Blasting Through the Past with Architect and Tiny House Grandfather, Lester Walker

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This week, Tiny House Podcast interviews Lester Walker, regarded as the grandfather of the Tiny House movement. Lester was into tiny houses before they were even called that. While humans were being blasted into space in tiny capsules in the 60s, he wondered about similar spaces on land for living in. Then, 20 years later, Lester won a competition to design a 1500 square foot house. From there his passion caught fire. He wondered “why we can’t build smaller?”…for all kinds of reasons. He wrote a book, then another. Lester, who could be considered the grandfather of tiny houses, today runs his successful architecture firm with his son Jess. On this episode we blast through Lester’s love of tiny houses and how for a time they captivated his attention.

The Podcast Episode Show Notes has lots of links and pictures of some of the houses Lester refers to in the interview. Check it out: https://tinyhousepodcast.com/episodes/s1e25-blasting-through-the-past-with-architect-and-tiny-house-grandfather-lester-walker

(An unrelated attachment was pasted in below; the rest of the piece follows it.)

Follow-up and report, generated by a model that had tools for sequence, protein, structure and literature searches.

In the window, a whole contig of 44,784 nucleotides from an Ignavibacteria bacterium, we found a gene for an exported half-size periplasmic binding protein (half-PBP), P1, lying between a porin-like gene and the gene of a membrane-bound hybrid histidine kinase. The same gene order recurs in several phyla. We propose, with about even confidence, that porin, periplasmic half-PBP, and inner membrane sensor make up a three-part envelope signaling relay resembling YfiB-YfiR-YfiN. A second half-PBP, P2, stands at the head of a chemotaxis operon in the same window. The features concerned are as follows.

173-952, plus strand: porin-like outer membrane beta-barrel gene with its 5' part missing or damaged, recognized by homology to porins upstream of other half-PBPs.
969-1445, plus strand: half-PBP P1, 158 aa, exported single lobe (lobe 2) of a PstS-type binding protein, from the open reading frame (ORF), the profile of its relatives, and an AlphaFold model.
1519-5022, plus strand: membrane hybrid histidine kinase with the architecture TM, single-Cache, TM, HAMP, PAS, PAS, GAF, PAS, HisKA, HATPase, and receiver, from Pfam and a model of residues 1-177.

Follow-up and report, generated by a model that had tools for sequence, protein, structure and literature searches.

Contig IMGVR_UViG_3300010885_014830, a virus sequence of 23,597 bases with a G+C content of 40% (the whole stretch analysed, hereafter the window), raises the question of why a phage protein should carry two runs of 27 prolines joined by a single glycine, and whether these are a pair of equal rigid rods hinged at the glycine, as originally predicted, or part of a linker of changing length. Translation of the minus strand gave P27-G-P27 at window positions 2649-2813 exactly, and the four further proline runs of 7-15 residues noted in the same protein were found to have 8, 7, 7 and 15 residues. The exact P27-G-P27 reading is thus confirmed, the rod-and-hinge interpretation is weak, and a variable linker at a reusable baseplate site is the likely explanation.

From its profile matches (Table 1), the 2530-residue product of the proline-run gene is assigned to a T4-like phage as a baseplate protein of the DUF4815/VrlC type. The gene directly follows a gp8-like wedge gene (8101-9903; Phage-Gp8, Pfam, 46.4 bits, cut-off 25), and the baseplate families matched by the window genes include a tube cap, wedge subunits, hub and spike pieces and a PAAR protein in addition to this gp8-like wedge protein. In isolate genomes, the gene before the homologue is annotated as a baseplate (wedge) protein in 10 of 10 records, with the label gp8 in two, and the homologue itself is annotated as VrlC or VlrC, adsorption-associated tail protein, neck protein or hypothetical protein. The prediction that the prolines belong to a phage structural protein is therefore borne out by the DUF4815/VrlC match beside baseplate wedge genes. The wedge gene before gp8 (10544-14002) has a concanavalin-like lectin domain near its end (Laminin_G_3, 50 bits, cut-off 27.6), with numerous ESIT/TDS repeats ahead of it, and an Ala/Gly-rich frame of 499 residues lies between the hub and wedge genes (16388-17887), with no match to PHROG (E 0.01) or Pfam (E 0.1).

Lester Walker

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DG - February 4, 2016 Reply

After the 1906 earthquake from Redwood and Douglas Fir the Army built 5,610 “relief houses” for nearly 16,500 displaced people.. The cottages were grouped inside camps, 11 camps all together in which people paid two dollars each month for rent, but after 1907 most people had moved out. The $2. month rent went toward the purchase price of $50. of each cottage. The cottage cost on average $100 to put-up. Only a few of the shacks still exist one of the 67 sq. ft cottages in 2006 sold for over $500,000.

morocco desert tour - March 4, 2016 Reply

Yes! Finally something about africa.

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